If the Rolling Stones’ Keith Richards looked at the imaginative Sconsacrato, he’d undoubtedly light a cigarette, nod to himself, and smile appreciatively. That would be praise enough for Goldfinger, a sign he had taken a huge risk, and won. It had been a gamble, a daring move into controversial territory that raised one question: Is this piece of art provocative, or appallingly profane? One critic was aghast, shocked at such an outrage–this blatant coupling of Richards with the Crucifixion of Christ. Dios Mio!
A gold-leaf Christ pinned to a cross, armed with a bottle of Jack Daniels and a cigarette. What could artist Stephen Cawston be thinking? Didn’t he know his 24ct, gold leaf Sconsacrato (La Caduta Di Cristo) would ignite controversy? “I wanted to depict Christ as real, fallible, a down-to-earth figure with human needs and wants,” puckishly says Cawston, 43, who has been buying skeletal bones for the last 6 years, and “re-animating” them into dramatic, gold-leaf sculptures.
“I am not a Frankenstein,” he chuckles in his Norfolk ,UK studio, insisting he lovingly gives new, ennobled life to his precisely-detailed sculptures. “Whether it’s an elephant, a Great Dane, a moose or an eagle, I hope my creations will have new life. That I’ve given them a second chance. That they were dead, nothing, and now they can find their own way again. They are born again, living again.” Is Christ now alive? Is he more accessible in this state of decadence, even debauchery? “I am certainly not indicting religious beliefs, I only wanted to take my work to a new, experimental place in this time of the Pandemic,”explains Cawston, standing next to one of his most ambitious works, a Falconer sitting astride a horse, an eagle poised next to him, ready to take flight. “Christ is a statement, beauty. Even if it’s nicknamed Keith Richards Having Fun, if religion is strong enough, it should not be offended. It is just an idea that Christ is real. I only want people to say ‘Wow,’ and they are. They can see I am moving on.” He is!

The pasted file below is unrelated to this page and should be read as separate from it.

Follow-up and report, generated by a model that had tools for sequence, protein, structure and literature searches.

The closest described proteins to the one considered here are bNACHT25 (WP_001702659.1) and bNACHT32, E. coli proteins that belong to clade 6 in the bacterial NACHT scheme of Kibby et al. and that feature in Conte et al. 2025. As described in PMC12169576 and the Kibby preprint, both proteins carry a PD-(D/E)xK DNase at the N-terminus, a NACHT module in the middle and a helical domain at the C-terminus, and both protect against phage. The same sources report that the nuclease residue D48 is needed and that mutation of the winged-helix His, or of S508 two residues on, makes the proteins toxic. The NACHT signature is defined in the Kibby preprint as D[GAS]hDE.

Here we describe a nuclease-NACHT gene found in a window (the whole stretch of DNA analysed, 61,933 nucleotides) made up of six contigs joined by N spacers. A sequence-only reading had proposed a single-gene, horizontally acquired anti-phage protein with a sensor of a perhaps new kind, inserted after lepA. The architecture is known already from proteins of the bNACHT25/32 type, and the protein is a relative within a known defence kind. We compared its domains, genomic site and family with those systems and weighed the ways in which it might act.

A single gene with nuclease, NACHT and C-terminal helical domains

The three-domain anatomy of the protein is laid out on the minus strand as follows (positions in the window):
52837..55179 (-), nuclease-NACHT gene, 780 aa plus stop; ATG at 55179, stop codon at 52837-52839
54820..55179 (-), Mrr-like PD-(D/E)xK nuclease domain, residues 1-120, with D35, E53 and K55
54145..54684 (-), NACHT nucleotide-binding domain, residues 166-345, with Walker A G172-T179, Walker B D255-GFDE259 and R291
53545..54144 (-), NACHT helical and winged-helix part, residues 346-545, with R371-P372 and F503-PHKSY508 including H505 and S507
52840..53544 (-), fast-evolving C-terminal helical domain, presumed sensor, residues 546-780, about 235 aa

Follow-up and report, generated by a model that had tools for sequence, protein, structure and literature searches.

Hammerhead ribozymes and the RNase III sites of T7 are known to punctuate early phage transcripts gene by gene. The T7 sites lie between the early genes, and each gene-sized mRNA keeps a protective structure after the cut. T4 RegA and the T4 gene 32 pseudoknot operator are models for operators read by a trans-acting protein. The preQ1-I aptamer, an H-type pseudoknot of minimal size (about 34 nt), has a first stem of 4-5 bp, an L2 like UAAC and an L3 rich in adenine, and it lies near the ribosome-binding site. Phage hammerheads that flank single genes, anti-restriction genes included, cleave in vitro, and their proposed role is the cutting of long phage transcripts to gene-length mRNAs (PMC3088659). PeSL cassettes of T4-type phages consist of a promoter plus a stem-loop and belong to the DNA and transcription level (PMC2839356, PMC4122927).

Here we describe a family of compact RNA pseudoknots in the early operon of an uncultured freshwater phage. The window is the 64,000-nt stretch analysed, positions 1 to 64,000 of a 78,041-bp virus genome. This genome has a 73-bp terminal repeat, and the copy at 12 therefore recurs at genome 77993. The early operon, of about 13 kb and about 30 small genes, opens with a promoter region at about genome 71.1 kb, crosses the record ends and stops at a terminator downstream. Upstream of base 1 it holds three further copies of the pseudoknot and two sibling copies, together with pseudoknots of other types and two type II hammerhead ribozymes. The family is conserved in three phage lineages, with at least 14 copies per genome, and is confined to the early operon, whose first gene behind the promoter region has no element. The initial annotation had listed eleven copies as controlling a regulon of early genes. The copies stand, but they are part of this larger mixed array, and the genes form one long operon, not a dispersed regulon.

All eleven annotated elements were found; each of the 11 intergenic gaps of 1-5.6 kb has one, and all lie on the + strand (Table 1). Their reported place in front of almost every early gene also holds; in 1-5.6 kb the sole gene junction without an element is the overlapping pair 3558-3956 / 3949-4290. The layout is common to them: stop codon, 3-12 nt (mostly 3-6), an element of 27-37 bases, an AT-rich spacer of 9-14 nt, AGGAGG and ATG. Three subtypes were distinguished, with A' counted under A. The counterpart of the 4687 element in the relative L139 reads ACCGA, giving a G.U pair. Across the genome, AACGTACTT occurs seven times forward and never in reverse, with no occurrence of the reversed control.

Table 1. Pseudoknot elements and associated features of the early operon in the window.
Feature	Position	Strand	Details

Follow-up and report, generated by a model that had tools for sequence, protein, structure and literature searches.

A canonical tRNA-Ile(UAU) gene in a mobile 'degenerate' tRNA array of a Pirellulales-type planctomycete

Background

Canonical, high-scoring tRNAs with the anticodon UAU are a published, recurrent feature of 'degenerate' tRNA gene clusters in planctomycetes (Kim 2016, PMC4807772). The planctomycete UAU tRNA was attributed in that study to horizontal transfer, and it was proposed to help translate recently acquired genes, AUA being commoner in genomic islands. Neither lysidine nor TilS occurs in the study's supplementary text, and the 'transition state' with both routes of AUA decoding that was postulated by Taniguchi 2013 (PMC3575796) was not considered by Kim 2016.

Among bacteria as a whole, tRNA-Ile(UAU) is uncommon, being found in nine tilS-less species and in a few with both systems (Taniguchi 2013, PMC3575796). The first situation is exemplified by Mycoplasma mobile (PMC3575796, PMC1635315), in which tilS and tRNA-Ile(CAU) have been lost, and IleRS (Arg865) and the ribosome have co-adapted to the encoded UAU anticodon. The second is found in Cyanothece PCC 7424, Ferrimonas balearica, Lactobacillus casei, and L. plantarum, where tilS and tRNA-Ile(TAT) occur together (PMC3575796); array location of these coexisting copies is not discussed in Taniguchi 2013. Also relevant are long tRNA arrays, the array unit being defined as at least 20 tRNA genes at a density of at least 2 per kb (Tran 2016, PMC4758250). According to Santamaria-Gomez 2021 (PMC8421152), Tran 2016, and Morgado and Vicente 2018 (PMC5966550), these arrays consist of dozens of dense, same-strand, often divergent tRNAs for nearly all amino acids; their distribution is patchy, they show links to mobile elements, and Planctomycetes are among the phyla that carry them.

Freed from the constraints of owning a tony Knightsbridge art gallery, continually catering to celebrities, Cawston can be the risk-taker, the provocateur. If bringing Christ down to earth is one leap into the unknown–a new willingness to question long-established dogma–Cawston’s Beautiful Art of War is another giant vault into dangerous territory. By sculpturing a skeleton sitting behind a World War II Maxim Machine Gun in shimmering gold leaf, Cawston is once again poking at our sensibilities, making us wonder: Is this piece aiming at the futility of war, or glorifying killing machines? A stunning piece, but certainly not a polemic, for the work ripples with Black Humor, Cawston revisits Death to “re-animate” Life (real human bones, legally procured, are used in this passion play). It’s a quirky, mischievous piece of art, and very Cawston-like. He inverts realities to give them greater potency, and amid the hijink, has his fun, along with his nightmares. Remembering the logistical complications of recreating irony with a true-to-life killing machine and a (dead person) marksman, he laughs, “it was great fun finding the Maxim gun. Then I had to work out how to…(assemble) one of the most devastating weapons ever invented.”